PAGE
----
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Legal Brief of Near v. Minnesota by David A.W. Hittle Case #3 of 10

Near v. Minnesota

283 U.S. 697; 51 S.Ct. 625; 75 L.Ed. 1357 (1931)

Vote: 5-4

 

The Facts of the case are these: Chapter 285 of the Sessions Laws on Minnesota for the year 1925 provides for the abatement, as a public nuisance, of a “malicious, scandalous, and defamatory newspaper, magazine or other periodical. Under this statute the country attorney of Hennepin County brought this action to enjoin the publication known as The Saturday Press. The complaint alleged that the defendants, on September 24, 1927 and on eight subsequent dates in October and November 1927, published and circulated editions of that periodical which were “largely devoted to malicious, scandalous, and defamatory articles” concerning various public officials and others…

 

The Issues in this case are these: 1. Does Chapter 285 of Minnesota Law violate the Constitution of the United States? 2. Does a state have the right to abate a newspaper, magazine or periodical?

 

The Decision of the Court by a vote of 5 to 4 finds: Does Chapter 285 of Minnesota Law violates the Constitution of the United States? Yes, the Court finds that the “liberty of the press and of speech is within the liberty safeguarded by the Due Process Clause of the Fourteenth Amendment from invasion by state actions.” Does a state have the right to abate a newspaper, magazine or periodical? No, due to the Fourteenth Amendment’s Due Process Clause press and speech is “safeguarded” from “invasion by state actions.”

 

Mr. Chief Justice Hughes opines of the Majority: “This statute, for the suppression as a public nuisance of a newspaper or periodical, is unusual, if not unique, and raises questions of grave importance transcending the local interests involved in the particular action. It is not longer open to doubt that the liberty of the press and of speech is within the liberty safeguarded by the Due Process Clause of the Fourteenth Amendment from invasion by state action.” He further states: “Liberty of speech and of the press is not an absolute right, and the state may punish its abuse. Liberty, in each of its phases, has its history and connotation and, in the present instance, the inquiry is as to the historic conception of liberty of the press and whether the statute under review violates the essential attributes of that liberty….” He concludes by stating: “For these reasons we hold the statute, so far as it authorized the proceedings in this action under clause (b) of section one, to be an infringement of the liberty of the press guaranteed by the Fourteenth Amendment.“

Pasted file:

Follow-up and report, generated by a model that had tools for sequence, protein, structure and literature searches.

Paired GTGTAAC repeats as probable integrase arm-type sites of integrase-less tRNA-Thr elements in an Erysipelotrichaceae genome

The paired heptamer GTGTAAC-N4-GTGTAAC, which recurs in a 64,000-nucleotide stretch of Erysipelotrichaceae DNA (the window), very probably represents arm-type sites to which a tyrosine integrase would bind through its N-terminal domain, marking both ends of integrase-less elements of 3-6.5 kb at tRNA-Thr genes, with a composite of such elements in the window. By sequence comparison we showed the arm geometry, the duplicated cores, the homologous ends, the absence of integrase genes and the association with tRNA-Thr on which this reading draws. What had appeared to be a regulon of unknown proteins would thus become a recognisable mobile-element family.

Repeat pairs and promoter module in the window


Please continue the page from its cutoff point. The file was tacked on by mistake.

Mr. Justice Butler, Van Devanter, McReynolds, and Sutherland join dissenting: The justices opine: “The decision of the Court in this case declares Minnesota and every state powerless to restrain by injunction the business of publishing and circulating among the people malicious, scandalous and defamatory periodicals that in due course of judicial procedure have been adjudged to be a public nuisance.” They further opine: “The Minnesota statute does not operate as a previous restraint on publication within the proper meaning of that phrase.” The justices conclude with: “The doctrine that measures such as the one before use are invalid because they operate as previous restraints to infringe freedom of press exposes the peace and good order of every community and the business and private affairs of every individual to the constant and protracted false and malicious assaults of any insolvent publisher who may have purpose and sufficient capacity to contrive and put into effect a scheme or program for oppression, blackmail or extortion.”

 

The significance of this case is that: States cannot interfere with the publication of an article of press or of an article of speech before it has been published. The Court found that Minnesota’s law violates the 14th Amendment’s Due Process guarantees’ as provided for in the First Amendment.